Diskmanagement. Only the Laptops SSD is found.
According to the SSD-Life webpage it will only do diagnosis and
prognosis. No repair.
 
P

Paul

Jesper said:
Thank you for the link. I have registered on the Corsair forrum, and
put the question in there.
I'd word my position diplomatically, as in "you should make regular
backups of your SSD". While the device *is* solid state, with no
moving parts, the least reliable part of it is the firmware.
There's no way to predict when a firmware bug, might trash the SSD.

The Windows 7 "System Image" function, should be more than adequate
for protection from disasters. I've restored my C: a couple times,
after "accidents".

The biggest weakness in doing backups, at least with a laptop SSD,
is the lack of high speed ports. My laptop has no ESATA or USB3,
so backups are relatively slow.

*******

When SSDs were invented, they also worked on the S.M.A.R.T reporting
functions. SSDs need different parameters than a regular hard drive
uses. You should use a relatively recent SMART reporting tool, to
properly read out SMART on the SSD. While it is too late now perhaps,
to examine the statistics, perhaps there is a value in one of the
parameters, that indicates how the drive got that way. Such as
the wear factor approaching a limit.

Even hard drives, have had firmware based bugs as a failure mode.
Before buying a hard drive now, I have to do a fair amount of
research before buying, just to stay away from the worst models.
The hard drives I did buy, still aren't that good. So it's not
like SSDs have quality competition or anything :)

*******

If the SSD "stalls" before you can read off all the sectors,
it's going to be pretty hard to rescue the data. SSDs can be
sent to a data recovery specialist, for recovery. They can
tri-state the controller chip, and read out the flash chips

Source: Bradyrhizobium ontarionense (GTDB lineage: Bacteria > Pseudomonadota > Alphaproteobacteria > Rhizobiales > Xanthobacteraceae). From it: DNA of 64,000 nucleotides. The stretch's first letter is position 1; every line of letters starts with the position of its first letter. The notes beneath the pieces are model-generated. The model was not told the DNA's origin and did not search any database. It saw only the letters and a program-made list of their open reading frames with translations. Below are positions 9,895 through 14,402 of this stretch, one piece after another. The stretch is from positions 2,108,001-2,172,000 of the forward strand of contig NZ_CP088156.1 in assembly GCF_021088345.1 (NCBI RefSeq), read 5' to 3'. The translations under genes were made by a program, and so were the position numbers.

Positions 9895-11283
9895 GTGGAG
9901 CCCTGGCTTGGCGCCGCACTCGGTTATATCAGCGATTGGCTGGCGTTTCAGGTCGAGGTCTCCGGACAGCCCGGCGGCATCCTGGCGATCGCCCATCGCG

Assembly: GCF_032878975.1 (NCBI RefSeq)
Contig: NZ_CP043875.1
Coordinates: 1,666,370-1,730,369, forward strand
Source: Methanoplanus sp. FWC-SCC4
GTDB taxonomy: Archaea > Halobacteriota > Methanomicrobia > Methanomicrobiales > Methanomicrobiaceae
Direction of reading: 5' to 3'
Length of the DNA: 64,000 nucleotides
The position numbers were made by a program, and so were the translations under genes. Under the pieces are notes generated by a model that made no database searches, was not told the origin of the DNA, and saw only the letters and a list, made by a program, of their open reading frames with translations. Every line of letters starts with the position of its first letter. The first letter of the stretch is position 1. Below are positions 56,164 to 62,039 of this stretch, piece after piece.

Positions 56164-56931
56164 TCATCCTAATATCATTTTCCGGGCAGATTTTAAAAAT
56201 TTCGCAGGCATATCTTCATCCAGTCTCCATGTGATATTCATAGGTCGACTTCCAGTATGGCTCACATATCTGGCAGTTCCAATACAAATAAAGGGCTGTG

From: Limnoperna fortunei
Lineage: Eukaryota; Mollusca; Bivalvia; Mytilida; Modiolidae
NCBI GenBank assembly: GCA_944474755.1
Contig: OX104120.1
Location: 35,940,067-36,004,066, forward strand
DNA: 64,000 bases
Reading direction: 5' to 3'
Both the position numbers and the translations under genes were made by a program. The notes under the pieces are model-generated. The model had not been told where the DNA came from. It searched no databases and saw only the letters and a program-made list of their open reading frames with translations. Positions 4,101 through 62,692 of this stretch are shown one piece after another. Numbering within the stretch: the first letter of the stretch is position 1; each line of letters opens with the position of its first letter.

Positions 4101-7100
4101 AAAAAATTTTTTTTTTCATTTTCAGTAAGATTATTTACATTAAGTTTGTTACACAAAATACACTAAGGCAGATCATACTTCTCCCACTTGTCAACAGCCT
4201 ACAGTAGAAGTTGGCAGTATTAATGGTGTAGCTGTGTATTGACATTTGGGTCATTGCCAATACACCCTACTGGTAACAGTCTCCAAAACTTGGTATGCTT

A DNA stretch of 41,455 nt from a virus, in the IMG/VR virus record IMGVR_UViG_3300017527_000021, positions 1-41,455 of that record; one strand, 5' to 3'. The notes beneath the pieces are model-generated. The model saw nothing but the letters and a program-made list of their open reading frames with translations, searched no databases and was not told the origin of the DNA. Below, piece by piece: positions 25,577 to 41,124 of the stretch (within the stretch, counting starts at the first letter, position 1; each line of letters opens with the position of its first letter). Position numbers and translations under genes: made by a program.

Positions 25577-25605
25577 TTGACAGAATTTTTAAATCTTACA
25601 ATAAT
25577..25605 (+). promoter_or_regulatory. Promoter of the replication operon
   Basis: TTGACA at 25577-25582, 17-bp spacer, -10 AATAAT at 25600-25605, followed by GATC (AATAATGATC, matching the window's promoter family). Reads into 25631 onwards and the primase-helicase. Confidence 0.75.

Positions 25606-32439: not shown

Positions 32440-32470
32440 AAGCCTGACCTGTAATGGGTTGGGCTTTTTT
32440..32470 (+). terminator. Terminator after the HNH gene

individually. But considering the amount of indirection involved
in the storage of data, what they'd get would be a jumbled
mess. I don't know if manual recovery efforts (scanning through
the blocks of data), would be able to get much back from
the flash chips or not. It would be different if the
mapping was linear and one-to-one.

What you could try, is "probing" the drive at different
addresses, and noting which addresses "stall". It could be,
that you can probe and recover all sectors except for a
128KB block.

The problem with the following method, is it is purely sequential,
and has no provision for "stalling" at a particular address. All
sectors here are considered to be independent of one another,
such that you can "step and probe" to your heart's content. So
while this approach has merit, it needs additional functionality,
such as controlling which block the tool will try to work on next.
Rather than all of them. Maybe hand-editing the "rescued.log"
can do that for you...

"The best method: Antonio Diaz's GNU 'ddrescue'"
http://www.cgsecurity.org/wiki/Damaged_Hard_Disk

Paul
 
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J